The microclimate is an important aspect to consider in any environment, whether internal or external. However, the main discomforts of the microclimate concern mainly indoor environments, where temperature and humidity can affect the health and well-being of people.
What is microclimate in the workplace?
The microclimate in the working environment is the set of climatic conditions that occur within a working environment, such as temperature, relative air humidity, wind speed, atmospheric pressure and air quality. These factors can affect the well-being and productivity of workers, so it is important to make an assessment of the microclimate to ensure a safe and comfortable working environment.
The assessment of the microclimate involves the analysis of climatic conditions within the working environment in order to identify any problems. For example, excessive relative humidity can create ideal conditions for the growth of mold and fungi, which in turn can cause allergies and respiratory diseases.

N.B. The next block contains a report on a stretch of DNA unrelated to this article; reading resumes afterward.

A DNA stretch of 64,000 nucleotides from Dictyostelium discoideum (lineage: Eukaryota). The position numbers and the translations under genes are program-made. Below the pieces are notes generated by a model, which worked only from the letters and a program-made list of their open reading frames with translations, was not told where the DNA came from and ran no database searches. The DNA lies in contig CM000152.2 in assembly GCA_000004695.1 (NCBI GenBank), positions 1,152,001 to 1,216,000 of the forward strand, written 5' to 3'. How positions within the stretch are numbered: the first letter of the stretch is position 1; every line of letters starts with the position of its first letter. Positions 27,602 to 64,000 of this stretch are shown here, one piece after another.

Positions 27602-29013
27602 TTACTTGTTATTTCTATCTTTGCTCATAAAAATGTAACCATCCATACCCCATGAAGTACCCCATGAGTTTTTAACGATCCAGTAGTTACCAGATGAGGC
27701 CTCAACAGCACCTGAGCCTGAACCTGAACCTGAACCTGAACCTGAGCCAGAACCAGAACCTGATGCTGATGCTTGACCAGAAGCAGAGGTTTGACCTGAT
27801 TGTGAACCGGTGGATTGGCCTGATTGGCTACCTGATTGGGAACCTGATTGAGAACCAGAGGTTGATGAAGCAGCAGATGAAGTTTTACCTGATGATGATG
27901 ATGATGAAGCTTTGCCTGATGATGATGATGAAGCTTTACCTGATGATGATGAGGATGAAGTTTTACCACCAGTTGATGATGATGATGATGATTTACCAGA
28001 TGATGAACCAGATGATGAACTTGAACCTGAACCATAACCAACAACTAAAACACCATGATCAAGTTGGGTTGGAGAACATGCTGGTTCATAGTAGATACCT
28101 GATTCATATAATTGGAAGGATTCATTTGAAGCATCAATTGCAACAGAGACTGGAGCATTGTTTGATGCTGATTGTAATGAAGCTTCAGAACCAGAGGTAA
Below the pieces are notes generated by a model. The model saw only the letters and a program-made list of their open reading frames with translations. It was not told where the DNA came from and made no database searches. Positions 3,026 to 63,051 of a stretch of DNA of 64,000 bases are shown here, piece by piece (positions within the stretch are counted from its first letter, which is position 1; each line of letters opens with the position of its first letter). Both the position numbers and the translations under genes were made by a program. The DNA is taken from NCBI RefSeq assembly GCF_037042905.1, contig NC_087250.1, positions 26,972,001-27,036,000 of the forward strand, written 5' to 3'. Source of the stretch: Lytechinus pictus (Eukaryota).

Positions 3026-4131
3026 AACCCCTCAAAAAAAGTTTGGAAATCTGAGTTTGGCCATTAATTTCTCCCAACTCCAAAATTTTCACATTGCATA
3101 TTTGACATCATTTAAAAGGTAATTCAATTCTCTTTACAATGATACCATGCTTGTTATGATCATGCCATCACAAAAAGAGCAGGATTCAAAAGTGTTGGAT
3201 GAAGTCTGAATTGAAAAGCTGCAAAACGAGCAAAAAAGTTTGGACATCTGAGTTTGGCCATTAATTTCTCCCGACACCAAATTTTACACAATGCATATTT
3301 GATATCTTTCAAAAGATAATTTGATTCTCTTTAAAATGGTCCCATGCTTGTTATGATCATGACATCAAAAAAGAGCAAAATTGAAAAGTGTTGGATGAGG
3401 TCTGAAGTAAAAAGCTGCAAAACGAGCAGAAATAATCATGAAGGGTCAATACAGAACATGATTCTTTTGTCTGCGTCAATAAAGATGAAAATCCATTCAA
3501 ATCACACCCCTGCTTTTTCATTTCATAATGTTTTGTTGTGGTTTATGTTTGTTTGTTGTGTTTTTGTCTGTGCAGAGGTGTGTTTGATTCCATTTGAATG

For example, excessive relative humidity can create ideal conditions for the growth of mold and fungi, which in turn can cause allergies and respiratory diseases.
Microclimate risk is a complex assessment, requiring analysis of several variables such as temperature, relative humidity, wind speed and solar radiation. Microclimate evaluation includes measurement of air temperature, relative air humidity, air velocity, and solar radiation. All these factors can affect workers’ thermal comfort and their ability to perform work efficiently.
Assessment of the microclimate may also include examination of the lighting conditions in the working environment. Good lighting is essential to ensure a comfortable and safe environment for workers.
Finally, the assessment of the microclimate also includes the examination of air quality in the working environment. The presence of pollutants in the air can cause respiratory problems, allergies and diseases.
Microclimate and thermal wellness